I do not know how accurate or fair Terry Patten’s characterization of Marc Gafni might be.

I do know that the kind of people Patten describes do exist in the realm of spiritual teachers and that Patten offers an important caution for any student who commits to being guided by a spiritual teacher.

Patten describes Gafni saying,

I think he’s a ronin, “a samurai without a master.” He has great powers. But I cannot trust him because I do not see his devotion and surrender to a higher divinity, morality, set of values, true teacher, or even a group of friends and mentors. 

Marc can be disarmingly charming, incredibly warm and affectionate, and devotedly attentive to the people he chooses to lavish his attentions on (many of whom are among the important creative thinkers I most respect). But in my view he has used them, and everyone around him, to constellate a version of the authentic natural integral evolutionary cultural movement that places him at its very center. This is a terrible distortion—he was never at the very center of this movement. He was always an opportunist, exploiting the integral evolutionary ecosystem to gather power, credibility, and exciting new ideas to engage with to further his personal ambitions. He can make things happen, including high-energy events. But they are subtly changed by his way he shows up. The intelligence or love that they were supposed to be about are no longer at the dead-center. Subtly, they become all about him. 


The danger signs are:

  1. great power
  2. complete independence (no submission to any tangible authority above himself)
  3. warm, charming, attentive
  4. yet, ironically given #3, always the centre of attention
  5. opportunistic, exploitation of others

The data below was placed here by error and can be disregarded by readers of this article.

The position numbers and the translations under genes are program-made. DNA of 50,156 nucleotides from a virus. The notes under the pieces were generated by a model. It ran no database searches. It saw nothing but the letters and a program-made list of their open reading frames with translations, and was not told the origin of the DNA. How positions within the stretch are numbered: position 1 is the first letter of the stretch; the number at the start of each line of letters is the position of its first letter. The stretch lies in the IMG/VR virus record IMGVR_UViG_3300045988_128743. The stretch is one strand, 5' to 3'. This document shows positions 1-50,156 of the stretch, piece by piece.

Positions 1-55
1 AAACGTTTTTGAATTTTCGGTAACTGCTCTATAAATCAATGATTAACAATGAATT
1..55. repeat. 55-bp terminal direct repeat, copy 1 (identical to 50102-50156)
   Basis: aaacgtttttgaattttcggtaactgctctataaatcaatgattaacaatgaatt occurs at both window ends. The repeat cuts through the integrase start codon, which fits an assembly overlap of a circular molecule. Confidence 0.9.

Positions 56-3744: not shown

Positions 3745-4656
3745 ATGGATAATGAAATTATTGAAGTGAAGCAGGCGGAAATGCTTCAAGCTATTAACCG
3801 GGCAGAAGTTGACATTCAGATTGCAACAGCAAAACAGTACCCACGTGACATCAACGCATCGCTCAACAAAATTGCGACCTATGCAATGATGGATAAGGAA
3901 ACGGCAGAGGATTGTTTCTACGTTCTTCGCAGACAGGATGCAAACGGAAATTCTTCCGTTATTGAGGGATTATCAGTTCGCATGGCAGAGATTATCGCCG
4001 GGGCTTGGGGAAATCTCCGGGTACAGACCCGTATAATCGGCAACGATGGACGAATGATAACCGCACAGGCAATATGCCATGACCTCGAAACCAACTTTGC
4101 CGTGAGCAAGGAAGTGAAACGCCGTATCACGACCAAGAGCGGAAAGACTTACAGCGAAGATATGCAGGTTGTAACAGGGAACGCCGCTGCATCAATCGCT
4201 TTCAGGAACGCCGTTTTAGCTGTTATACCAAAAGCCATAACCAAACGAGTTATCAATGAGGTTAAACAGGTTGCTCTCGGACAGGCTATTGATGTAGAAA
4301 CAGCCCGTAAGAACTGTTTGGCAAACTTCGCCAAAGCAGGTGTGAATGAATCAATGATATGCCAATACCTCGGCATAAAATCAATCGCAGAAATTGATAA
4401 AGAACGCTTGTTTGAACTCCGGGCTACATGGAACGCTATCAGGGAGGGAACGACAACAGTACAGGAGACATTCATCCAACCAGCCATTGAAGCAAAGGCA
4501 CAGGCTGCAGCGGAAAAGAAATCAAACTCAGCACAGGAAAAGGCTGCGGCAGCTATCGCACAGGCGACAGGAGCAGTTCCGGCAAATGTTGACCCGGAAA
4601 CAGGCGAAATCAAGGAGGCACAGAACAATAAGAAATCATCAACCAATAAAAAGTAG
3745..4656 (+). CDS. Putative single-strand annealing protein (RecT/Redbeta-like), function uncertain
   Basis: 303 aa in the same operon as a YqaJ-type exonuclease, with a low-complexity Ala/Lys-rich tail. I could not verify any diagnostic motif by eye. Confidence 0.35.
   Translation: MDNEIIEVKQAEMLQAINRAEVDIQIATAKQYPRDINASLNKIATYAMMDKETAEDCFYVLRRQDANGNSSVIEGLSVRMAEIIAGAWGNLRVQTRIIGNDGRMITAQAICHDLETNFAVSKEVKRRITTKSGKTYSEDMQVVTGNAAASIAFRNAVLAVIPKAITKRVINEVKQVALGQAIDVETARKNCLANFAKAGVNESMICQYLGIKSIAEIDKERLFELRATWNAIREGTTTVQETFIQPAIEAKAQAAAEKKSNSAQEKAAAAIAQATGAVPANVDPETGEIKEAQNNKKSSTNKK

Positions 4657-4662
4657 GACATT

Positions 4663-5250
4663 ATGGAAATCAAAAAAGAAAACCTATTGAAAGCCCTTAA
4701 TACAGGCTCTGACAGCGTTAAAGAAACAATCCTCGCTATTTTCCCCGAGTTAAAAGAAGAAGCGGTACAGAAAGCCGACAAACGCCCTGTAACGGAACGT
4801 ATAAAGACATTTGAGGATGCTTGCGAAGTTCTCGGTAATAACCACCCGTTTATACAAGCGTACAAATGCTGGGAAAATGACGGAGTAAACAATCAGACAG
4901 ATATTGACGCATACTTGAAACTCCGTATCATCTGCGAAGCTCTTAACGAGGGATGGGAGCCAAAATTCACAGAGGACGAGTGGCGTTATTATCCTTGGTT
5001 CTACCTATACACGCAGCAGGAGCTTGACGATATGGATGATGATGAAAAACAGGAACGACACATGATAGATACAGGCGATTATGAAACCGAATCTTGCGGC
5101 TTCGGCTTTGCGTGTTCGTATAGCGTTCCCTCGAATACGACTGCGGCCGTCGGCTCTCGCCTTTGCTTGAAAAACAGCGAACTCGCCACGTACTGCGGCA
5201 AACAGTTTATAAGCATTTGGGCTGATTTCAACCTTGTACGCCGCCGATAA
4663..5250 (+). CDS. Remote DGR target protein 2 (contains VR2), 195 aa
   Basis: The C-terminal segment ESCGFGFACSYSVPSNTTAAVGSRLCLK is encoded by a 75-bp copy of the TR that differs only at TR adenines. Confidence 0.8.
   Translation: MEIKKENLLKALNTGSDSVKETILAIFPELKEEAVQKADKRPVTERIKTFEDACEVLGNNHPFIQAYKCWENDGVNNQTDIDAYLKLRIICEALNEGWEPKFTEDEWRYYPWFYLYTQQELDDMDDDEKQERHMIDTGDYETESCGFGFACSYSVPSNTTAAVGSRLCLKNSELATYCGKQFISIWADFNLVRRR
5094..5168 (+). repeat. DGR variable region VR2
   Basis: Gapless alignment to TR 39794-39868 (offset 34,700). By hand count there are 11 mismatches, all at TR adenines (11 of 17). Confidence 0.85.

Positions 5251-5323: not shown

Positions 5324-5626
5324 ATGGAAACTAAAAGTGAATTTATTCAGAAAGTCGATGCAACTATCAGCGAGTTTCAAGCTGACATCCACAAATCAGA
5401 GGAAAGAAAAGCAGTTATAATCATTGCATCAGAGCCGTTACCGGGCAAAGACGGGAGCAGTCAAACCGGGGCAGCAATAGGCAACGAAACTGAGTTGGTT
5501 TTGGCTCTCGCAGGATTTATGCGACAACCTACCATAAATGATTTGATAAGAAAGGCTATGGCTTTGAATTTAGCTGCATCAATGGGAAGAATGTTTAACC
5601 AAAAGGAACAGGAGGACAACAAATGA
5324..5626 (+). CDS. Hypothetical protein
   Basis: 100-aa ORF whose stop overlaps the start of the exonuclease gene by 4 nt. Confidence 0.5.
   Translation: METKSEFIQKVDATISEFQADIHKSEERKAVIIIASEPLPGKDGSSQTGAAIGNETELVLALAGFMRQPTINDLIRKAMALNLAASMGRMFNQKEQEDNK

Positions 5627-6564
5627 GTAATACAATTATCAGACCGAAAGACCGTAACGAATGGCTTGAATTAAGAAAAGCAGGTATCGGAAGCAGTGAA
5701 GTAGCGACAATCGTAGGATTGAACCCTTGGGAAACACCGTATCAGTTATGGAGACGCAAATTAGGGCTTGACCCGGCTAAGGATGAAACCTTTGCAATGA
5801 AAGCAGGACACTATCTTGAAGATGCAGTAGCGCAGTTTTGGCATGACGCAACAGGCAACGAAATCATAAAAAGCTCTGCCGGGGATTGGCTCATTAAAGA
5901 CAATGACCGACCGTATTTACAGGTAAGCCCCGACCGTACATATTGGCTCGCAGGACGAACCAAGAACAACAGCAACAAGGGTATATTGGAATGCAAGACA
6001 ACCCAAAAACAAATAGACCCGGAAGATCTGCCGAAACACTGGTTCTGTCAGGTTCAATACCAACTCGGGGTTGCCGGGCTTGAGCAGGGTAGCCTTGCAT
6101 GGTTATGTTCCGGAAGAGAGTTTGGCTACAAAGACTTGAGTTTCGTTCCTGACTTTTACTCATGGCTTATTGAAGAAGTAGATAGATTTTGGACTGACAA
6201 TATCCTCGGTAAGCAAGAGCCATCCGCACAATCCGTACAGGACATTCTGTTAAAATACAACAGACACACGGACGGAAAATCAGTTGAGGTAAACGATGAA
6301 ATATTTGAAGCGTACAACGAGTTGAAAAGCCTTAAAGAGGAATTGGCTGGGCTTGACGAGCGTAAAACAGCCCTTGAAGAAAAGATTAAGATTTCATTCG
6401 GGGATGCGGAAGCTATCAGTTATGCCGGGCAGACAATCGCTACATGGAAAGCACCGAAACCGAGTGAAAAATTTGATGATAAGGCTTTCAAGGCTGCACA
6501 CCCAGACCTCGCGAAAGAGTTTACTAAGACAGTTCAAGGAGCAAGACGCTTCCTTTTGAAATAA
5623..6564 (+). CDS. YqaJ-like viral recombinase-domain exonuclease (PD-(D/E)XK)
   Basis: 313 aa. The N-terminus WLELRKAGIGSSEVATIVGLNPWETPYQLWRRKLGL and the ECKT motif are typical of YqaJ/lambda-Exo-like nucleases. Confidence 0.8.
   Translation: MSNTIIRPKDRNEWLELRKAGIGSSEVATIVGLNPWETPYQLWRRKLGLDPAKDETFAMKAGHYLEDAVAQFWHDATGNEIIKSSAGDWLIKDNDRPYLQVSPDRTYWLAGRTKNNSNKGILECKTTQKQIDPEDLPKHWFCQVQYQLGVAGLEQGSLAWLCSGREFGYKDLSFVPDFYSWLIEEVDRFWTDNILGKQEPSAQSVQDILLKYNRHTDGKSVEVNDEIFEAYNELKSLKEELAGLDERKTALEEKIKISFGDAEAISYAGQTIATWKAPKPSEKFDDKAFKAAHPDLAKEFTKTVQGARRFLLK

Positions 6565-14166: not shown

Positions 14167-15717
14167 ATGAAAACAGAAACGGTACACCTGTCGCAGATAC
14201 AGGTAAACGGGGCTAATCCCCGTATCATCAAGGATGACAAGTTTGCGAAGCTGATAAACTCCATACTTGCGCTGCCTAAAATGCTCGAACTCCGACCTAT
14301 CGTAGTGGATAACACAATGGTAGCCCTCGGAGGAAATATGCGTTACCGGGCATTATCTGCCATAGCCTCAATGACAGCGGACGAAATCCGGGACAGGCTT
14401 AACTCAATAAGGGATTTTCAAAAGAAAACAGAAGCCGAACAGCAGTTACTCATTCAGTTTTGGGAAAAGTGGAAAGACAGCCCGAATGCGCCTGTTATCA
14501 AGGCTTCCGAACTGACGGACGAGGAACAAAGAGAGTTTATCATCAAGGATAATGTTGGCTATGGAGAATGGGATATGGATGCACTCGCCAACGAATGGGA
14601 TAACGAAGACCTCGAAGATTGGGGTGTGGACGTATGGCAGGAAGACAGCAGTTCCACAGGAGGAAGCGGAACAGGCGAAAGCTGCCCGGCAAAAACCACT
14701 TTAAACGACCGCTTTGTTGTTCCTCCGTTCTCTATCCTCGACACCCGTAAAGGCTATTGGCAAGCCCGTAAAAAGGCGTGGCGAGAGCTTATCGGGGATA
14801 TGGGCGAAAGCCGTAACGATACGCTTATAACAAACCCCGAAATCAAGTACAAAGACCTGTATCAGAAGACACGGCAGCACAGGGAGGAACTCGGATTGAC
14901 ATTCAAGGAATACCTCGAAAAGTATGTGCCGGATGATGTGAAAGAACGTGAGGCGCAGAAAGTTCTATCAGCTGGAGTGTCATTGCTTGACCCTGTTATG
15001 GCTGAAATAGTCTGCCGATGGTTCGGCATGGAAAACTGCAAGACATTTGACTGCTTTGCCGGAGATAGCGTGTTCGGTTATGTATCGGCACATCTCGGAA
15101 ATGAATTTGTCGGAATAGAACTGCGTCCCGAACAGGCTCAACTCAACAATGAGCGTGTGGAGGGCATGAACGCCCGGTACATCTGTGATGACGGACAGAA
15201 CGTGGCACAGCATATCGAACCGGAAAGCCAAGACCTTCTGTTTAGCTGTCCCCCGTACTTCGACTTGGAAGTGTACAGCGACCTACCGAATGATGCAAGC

6. high-energy mover and shaker
  7. but in the end, everything is all about the teacher

Patten admits that the foibles he discerns in Marc Gafni are universal and, to some degree inevitable. But he suggests that, in some spiritual teachers, these dark traits reach epic proportions and slip over into a realm where they become profoundly damaging. Patten explains that, in his view Marc Gafni,

loves attention, accolades, and the sound of his own voice. He wants to charm and persuade. So do I. So do many of us. But he stands out. He has an uncanny ability to think ahead strategically. He was always many chess moves ahead of me—and everyone else around him. And he has enormous personal energy and ambition, working hard every day, networking and reading and writing and teaching and executing each move in his greater strategic plan. Is that evil? No. No one is perfectly pure, and I’ve seen all of these egoic qualities in people I admire and respect. 

But Marc is more formidable than the ordinary ego. He uses his power of seduction and persuasion to gain associates, and then builds networks of loose and strong alliances from which bigger projects (that showcase him) can emerge. He can overwhelm the people close to him, energetically, psychologically, intellectually, and sexually. This is why his ability to “make stuff happen” is almost supernormal, even despite his damaged reputation. In Marc’s case, these formidable capacities seem to turbocharge his ordinary egoic impulses, and they become something far more dangerous than ordinary human foibles. 

Any student of spiritual practice who discerns similar traits in a spiritual teacher needs to proceed with extreme caution. The kind of strategic maneuvering Patten describes should cause alarm bells to ring in anyone’s mind. And when one finds oneself feeling “overwhelmed” by the force and power of the teacher, it is time to take a step back and seriously assess the situation.